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ADB Warns Of ‘Digital Poverty’ Hampering Trade Finance

The Asian Development Bank, which ramped up the trade finance industry’s focus on broadening access to small businesses after releasing a report that estimated the global trade finance gap now stands at $1.5 trillion, has released new analysis warning of the impact a lack of technology will have on companies struggling to access such financing products.

In a joint report released this week with the United Nations Economic and Social Commission for Asia and the Pacific (UN ESCAP), the ADP again urged world leaders to combine their efforts in addressing the trade finance gap.

“Amidst global trade tensions, regional cooperation to cut red tape and automate trade procedures is more important than ever,” said ESCAP United Nations Under-Secretary General and Executive Secretary Armida Salsiah Alisjahbana in remarks made this week to open the Asia Pacific Trade Facilitate Forum, held in India.

Her emphasis on automation is key, according to the ADP’s and UN ESCAP’s “Asia-Pacific Trace Facilitation Report 2019,” also released this week, which pointed to the role of technology in connecting businesses to trade finance products.

According to the ADB’s Vice President, Knowledge Management and Sustainable Development, Bambang Susantano, the risk of “digital poverty” looms large over SMBs.

“Digital poverty — unlike conventional poverty — will be a new form of poverty,” he said, according to The Hindu Business Line reports this week, referencing businesses’ lack of technological tools and resources that can facilitate trade finance. “We don’t want to see that. We want digital technology to be both efficient, sustainable, and also equitable.”

In another statement, Susantano pointed to the “enormous untapped potential in the rapidly evolving digital technologies” to address key barriers to trade finance, including “high transaction and processing costs.”

Beyond APAC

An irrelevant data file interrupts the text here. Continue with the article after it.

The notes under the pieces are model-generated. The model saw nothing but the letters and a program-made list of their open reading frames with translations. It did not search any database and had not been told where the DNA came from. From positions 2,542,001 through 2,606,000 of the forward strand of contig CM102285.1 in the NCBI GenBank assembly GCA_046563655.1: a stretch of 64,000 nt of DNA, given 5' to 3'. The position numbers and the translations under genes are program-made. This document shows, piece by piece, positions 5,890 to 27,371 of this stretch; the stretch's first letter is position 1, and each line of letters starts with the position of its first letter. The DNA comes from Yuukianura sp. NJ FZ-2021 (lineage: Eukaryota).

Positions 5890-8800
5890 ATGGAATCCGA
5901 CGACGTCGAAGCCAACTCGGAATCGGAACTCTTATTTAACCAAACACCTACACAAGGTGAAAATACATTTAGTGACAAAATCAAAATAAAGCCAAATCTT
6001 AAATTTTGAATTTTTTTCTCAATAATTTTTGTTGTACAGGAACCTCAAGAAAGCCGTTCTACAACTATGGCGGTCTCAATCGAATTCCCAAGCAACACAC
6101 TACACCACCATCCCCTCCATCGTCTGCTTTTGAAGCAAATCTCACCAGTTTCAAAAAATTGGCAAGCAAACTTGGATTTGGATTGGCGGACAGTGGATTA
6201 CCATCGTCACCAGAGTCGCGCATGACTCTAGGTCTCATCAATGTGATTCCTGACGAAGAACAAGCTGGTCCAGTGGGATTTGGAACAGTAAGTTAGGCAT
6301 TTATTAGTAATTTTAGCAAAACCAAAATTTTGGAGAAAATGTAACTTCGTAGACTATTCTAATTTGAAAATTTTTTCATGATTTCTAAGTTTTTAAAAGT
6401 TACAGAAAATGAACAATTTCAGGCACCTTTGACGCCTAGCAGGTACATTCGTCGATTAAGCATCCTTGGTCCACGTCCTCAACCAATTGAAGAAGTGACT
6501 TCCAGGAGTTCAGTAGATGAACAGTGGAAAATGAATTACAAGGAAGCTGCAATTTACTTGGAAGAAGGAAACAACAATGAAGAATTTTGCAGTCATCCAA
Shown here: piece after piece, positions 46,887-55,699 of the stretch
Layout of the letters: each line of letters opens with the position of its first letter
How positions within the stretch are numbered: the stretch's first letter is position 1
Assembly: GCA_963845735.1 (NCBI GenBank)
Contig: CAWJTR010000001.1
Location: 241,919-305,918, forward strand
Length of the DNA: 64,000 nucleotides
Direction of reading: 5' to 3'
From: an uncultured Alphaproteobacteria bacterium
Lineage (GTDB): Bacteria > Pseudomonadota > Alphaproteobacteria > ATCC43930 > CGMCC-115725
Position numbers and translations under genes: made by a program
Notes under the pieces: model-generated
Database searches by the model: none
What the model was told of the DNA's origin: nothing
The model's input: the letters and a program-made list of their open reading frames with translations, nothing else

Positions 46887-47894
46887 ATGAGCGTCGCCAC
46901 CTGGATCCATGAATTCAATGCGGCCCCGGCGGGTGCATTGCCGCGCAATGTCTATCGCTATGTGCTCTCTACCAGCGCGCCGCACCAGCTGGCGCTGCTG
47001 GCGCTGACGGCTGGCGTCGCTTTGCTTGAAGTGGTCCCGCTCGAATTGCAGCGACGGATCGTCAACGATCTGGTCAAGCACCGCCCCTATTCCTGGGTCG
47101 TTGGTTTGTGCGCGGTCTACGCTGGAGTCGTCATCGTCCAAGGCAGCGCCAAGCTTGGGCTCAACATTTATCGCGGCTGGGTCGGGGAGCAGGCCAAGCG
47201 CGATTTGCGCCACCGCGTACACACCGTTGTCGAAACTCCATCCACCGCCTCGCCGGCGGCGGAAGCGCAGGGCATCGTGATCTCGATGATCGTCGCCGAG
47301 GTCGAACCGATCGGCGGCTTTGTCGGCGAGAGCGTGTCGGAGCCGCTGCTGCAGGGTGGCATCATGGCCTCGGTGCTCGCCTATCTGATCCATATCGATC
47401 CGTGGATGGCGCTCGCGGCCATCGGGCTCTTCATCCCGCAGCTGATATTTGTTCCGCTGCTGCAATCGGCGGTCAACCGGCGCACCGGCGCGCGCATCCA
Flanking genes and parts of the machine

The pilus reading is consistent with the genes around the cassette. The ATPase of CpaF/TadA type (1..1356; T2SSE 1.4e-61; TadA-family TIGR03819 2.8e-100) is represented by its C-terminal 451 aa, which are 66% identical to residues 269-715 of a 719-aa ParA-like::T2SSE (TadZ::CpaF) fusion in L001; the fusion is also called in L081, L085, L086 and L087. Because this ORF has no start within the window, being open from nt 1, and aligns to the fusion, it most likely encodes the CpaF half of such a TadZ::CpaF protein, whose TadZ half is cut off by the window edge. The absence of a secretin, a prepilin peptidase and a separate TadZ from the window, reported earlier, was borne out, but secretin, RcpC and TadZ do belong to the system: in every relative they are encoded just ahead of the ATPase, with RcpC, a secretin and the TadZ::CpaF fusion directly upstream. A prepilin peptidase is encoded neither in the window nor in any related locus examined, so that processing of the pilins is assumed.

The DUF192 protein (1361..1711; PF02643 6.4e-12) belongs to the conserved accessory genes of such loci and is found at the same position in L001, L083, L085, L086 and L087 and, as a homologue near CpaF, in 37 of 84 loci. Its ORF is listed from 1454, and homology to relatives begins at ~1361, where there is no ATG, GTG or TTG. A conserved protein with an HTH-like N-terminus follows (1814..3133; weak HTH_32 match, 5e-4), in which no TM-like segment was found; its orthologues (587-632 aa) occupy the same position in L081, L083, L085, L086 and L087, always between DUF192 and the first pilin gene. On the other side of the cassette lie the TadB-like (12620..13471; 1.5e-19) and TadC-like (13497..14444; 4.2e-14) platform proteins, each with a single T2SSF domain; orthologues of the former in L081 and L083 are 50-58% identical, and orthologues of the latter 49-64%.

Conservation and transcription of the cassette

While the ADB and UN ESCAP’s analysis focused on the Asia Pacific region, the latest analysis by PYMNTS reveals that the trade finance struggle is not isolated to the region. Indeed, U.S. small and medium-sized businesses are feeling the trade finance crunch as corporate customers continue to drag out payment terms.

As PYMNTS and Fundbox find in the recently released “SMB Receivables Gap: The Business Impacts of Trade Credit Playbook,” young and low-margin small businesses are particularly affected by the B2B industry’s reliance on trade credit and, subsequently, have the need to seek financing to manage cash flow. Those early-stage, low-margin businesses seek short-term financing nearly twice as much as small businesses that are more established and higher-margin, PYMNTS research found, with nearly 31 percent of early-stage, low-margin SMBs routinely experiencing a cash shortfall.

What’s more, early-stage, low-margin SMBs — the ones that tend to have a greater need for financing — are also the ones that struggle most in search of that external capital.

“Financial institutions are more likely to extend favorable credit terms to [high-margin firms], given their healthy balance sheets, meaning these firms have greater access to credit and financing products but less need for them,” the report concluded, adding that more than 9 percent of established, high-margin companies don’t use any kind of financing product to manage cash flow at all. “Only a fraction of other types of companies are in this fortunate position,” the report noted.

Businesses of all types use a range of financing tools to manage cash flow while selling to their clients on credit and waiting for invoices to be paid, including credit cards and merchant cash advances. Nearly half of all businesses say they use a line of credit to cover cash flow gaps, the second-most popular financing product behind credit cards. The use of factoring — one kind of trade finance — is among the least popular.

According to the ADB and UN ESCAP, trade finance products including factoring, trade finance, reverse factoring, Export Import finance and more, are essential to not only ensuring the continuous flow of trade, but health flow of cash for businesses large and small. Technology, the organizations agree, is a critical component of trade finance access.

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